The most recent report from Peru’s National Institute of Statistics and Informatics (INEI) has confirmed fears that existed after three months of nationwide protests against the government of Dina Boluarte. The Gross Domestic Product (GDP) decreased by 1.12% in January, after sustained growth for 22 months. Last week, at a mining convention in Canada, Julio Velarde, the president of the Central Reserve Bank (BCR), had already predicted that there would be a decrease of 1.4 despite the fact that the beginning of the year is characterized by being months of growth.
It was inevitable that the blockade of roads, the closure of markets, the clashes between law enforcement and protesters, and the impediment of the free movement of people and goods would have an immediate and significant impact on the Peruvian economy. The most affected sectors are mining and hydrocarbons, construction, transport, finance and telecommunications. Of all, the hardest hit has been construction, which has a negative variation of 11.7% as a result of lower cement consumption (-15.12%) due to the reduction of real estate and self-construction projects, as well as the cancellation of orders and suspension of the working day in some works.
According to the INEI report, mining and hydrocarbons follow on the list. The sector that contributes approximately 10% of GDP fell by 3.61%. The reason: low production volumes of tin (-62.5%), silver (-19.9%), molybdenum (-12.4%), zinc (-6.9%), gold (-6, 8%), lead (-6.7%) and copper (-1.6%). Added to this is lower exploitation of crude oil (-16.7%) and natural gas liquids (-3.3%). Regarding the Telecommunications and other information services sector, a decrease of 9.26% was registered.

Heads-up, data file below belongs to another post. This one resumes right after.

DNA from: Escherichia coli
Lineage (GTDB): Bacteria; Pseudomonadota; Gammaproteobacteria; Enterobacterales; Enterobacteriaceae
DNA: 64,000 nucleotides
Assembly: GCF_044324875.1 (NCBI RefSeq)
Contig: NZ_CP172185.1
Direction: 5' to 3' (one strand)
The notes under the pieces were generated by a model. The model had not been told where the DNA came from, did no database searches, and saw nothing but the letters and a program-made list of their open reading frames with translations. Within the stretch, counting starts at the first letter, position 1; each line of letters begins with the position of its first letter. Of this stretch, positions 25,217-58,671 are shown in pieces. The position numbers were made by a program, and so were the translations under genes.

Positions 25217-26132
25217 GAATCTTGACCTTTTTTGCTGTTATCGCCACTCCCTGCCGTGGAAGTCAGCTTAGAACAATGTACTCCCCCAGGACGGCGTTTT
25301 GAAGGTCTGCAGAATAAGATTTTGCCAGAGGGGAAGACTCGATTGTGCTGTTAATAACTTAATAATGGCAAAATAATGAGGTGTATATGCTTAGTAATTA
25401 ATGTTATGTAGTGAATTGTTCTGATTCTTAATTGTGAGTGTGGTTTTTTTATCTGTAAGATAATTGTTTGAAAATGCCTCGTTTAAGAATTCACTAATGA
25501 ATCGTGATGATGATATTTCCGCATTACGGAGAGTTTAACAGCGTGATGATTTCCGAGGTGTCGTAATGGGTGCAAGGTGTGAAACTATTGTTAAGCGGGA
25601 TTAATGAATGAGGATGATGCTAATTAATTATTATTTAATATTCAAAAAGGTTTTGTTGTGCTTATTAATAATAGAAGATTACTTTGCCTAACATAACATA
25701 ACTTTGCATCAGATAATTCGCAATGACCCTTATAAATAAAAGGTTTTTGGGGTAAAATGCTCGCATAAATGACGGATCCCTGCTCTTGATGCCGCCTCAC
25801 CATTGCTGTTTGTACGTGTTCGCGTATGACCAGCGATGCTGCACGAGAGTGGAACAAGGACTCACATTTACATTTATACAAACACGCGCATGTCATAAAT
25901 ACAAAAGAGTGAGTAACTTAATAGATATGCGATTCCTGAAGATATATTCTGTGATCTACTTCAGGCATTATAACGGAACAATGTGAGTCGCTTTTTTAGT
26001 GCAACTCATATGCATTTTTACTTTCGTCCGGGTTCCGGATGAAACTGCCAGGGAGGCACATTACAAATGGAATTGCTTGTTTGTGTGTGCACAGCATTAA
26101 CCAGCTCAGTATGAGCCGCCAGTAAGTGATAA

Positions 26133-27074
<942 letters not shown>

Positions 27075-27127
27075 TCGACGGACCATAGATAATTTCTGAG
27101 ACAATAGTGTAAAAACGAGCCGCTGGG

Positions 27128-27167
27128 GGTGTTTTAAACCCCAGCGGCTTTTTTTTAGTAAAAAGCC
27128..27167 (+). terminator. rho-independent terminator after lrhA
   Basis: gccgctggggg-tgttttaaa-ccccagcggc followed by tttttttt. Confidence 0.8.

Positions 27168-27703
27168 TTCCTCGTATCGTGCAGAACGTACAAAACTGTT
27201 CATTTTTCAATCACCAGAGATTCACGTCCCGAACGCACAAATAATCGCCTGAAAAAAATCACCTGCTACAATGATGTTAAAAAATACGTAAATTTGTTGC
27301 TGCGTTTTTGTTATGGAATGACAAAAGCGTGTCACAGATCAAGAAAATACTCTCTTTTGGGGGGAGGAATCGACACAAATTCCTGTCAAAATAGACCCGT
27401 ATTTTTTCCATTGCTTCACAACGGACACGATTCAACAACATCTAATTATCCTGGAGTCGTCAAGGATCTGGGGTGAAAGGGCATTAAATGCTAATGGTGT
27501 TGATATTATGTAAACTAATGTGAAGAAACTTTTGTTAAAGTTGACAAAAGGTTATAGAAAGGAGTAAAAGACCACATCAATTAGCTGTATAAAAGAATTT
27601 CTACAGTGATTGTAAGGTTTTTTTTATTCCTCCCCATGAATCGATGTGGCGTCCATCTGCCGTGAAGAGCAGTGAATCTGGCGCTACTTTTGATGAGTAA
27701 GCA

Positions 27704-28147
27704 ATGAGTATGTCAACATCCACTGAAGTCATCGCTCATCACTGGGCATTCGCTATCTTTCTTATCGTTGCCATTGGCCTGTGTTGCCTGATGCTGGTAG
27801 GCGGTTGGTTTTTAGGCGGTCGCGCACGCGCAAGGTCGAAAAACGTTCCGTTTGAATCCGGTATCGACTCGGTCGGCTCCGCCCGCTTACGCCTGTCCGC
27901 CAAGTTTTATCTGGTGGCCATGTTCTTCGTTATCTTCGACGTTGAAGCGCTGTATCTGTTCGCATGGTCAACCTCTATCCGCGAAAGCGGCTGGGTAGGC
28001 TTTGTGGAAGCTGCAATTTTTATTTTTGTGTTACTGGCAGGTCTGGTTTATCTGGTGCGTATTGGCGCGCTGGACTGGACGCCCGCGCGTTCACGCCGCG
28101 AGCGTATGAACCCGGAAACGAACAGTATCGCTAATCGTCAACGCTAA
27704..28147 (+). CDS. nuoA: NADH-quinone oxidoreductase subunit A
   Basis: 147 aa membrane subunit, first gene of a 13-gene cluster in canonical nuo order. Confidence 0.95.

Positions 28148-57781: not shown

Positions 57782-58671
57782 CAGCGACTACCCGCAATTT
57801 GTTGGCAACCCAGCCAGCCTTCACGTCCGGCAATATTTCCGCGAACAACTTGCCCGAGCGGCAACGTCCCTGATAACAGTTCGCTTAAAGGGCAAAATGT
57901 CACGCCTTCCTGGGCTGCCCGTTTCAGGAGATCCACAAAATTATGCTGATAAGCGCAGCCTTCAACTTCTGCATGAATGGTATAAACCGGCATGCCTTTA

The fall in the Financial and Insurance area has caused alarm: “It contracted by 5.95% as a result of lower credits (-5.6%) and deposits (-6.5%) of multiple banks. There has been a downward trend in loans directed to corporations, large, medium, small and micro-enterprises (-11.4%), as well as mortgage loans for housing (-0.9%)”. Regarding Transport, Storage and Messaging, there was a fall of 2.94%. “Social conflicts had a negative impact on land transport (-3.1%) due to lower passenger and cargo traffic by rail (-40.9%), and the reduction in road transport (-3.0%) , due to the lower movement of cargo (-8.5%), ”says the document.
The horizon does not look encouraging either due to the floods that various regions of Peru have suffered. The Institute of Economics and Business Development (IEDEP) of the Lima Chamber of Commerce has warned that in the event of a coastal El Niño Phenomenon in the coming months, five regions that contribute 16.7% of GDP would be affected. These are Tumbes, Piura, Lambayeque, La Libertad and Ancash. “Which would affect a reduction in the growth rate of our economy by up to 0.4 percentage points in 2023,” they argue.
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